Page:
“I’ve been very lucky to be surrounded with a supportive family and wonderful friends as I pursue my love of equestrian sports,” Laura said. “By working with JustWorld International, I hope to be able to bring some joy to the lives of children who haven’t been as fortunate as myself.”
Fundraisers for JustWorld involve charity and costume Grand Prix classes. During the Longines Los Angeles Masters, Laura got in on the fun dressed as Catwoman. At the evening fundraising gala, Laura and her partner, Nick Skelton, added to the live auction by auctioning themselves off to teach a block of lessons.
Laura continues to be a popular trainer and coach, stressing the importance of having fun when riding and competing. She has been known to stay after a show to visit with fans and sign autographs.
Although Laura turned 49 in November, she’s still planning to continue her busy schedule of Grand Prix competition. Other riders approaching a certain maturity level sometimes transition back to riding hunters where they still jump, but at lower heights and without the fast pace. Others have made the transition to dressage, but not Laura.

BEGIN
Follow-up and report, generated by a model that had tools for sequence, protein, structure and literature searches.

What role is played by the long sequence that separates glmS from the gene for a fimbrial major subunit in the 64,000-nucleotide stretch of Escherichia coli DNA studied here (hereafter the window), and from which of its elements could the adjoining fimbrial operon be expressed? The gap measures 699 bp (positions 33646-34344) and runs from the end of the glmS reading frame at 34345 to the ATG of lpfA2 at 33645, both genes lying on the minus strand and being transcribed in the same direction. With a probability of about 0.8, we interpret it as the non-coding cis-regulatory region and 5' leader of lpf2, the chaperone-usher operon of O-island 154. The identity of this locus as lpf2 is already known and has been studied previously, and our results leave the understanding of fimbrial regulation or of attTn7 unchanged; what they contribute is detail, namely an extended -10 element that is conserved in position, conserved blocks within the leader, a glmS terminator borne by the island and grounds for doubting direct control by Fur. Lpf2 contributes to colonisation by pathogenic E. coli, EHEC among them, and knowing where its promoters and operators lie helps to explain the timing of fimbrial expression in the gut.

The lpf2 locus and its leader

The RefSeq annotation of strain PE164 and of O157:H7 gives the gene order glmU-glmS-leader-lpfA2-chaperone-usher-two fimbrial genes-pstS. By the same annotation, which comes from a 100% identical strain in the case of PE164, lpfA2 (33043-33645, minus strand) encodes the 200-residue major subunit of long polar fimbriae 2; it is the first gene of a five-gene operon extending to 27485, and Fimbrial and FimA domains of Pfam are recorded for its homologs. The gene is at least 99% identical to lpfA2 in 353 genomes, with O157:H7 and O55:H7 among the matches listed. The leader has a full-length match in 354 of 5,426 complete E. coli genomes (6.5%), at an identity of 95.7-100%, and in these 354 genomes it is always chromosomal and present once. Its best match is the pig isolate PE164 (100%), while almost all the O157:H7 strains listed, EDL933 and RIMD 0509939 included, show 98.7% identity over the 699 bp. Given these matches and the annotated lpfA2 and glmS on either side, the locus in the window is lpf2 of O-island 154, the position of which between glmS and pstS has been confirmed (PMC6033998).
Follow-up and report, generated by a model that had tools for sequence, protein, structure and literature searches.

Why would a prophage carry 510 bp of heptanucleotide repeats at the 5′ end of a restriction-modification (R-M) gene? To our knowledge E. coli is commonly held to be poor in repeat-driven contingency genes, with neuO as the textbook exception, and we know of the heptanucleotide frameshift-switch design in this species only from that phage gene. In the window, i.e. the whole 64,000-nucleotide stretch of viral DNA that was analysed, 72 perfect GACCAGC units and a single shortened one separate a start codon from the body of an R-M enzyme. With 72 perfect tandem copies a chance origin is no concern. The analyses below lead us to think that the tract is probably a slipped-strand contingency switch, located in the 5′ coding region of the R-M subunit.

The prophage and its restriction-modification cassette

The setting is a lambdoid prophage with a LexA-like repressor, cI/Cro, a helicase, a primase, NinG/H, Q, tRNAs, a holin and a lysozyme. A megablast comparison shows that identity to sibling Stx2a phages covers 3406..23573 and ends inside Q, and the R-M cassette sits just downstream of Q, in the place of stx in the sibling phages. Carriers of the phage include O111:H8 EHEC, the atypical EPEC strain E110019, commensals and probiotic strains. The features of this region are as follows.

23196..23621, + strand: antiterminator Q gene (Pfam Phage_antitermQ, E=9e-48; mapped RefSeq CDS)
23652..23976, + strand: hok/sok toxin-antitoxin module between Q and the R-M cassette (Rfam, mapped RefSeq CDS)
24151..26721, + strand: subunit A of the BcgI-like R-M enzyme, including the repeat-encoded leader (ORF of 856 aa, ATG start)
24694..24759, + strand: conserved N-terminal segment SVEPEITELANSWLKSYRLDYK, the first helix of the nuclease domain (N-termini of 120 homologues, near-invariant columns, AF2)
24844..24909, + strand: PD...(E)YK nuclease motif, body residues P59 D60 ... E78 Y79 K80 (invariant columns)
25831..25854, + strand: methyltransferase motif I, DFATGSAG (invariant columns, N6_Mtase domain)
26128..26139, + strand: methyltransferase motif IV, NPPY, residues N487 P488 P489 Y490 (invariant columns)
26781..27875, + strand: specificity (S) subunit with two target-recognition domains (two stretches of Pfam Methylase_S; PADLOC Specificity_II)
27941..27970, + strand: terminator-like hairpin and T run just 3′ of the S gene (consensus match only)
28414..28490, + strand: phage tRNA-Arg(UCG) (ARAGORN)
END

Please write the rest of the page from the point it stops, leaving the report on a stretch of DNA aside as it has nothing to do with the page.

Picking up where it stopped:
“I feel like I’m lucky [to have been] around people that do the best at what they do,” Laura said. “If you pay attention, you can take a lot from them.”
With the confidence that comes from a wealth of experience and the ability to maintain control of her nerves and emotions under pressure, we can look forward to watching Laura compete for a long time.
About the writer: Doris Degner-Foster rides with Harvard Fox Hounds when she isn’t interviewing interesting individuals in the horse sport. She also writes fiction and is working on a middle-grade mystery series and a mainstream murder mystery where a horse strangely appears in different people’s lives to help them through a crisis. Look for her blog: Notes From the Field on the Sidelines website.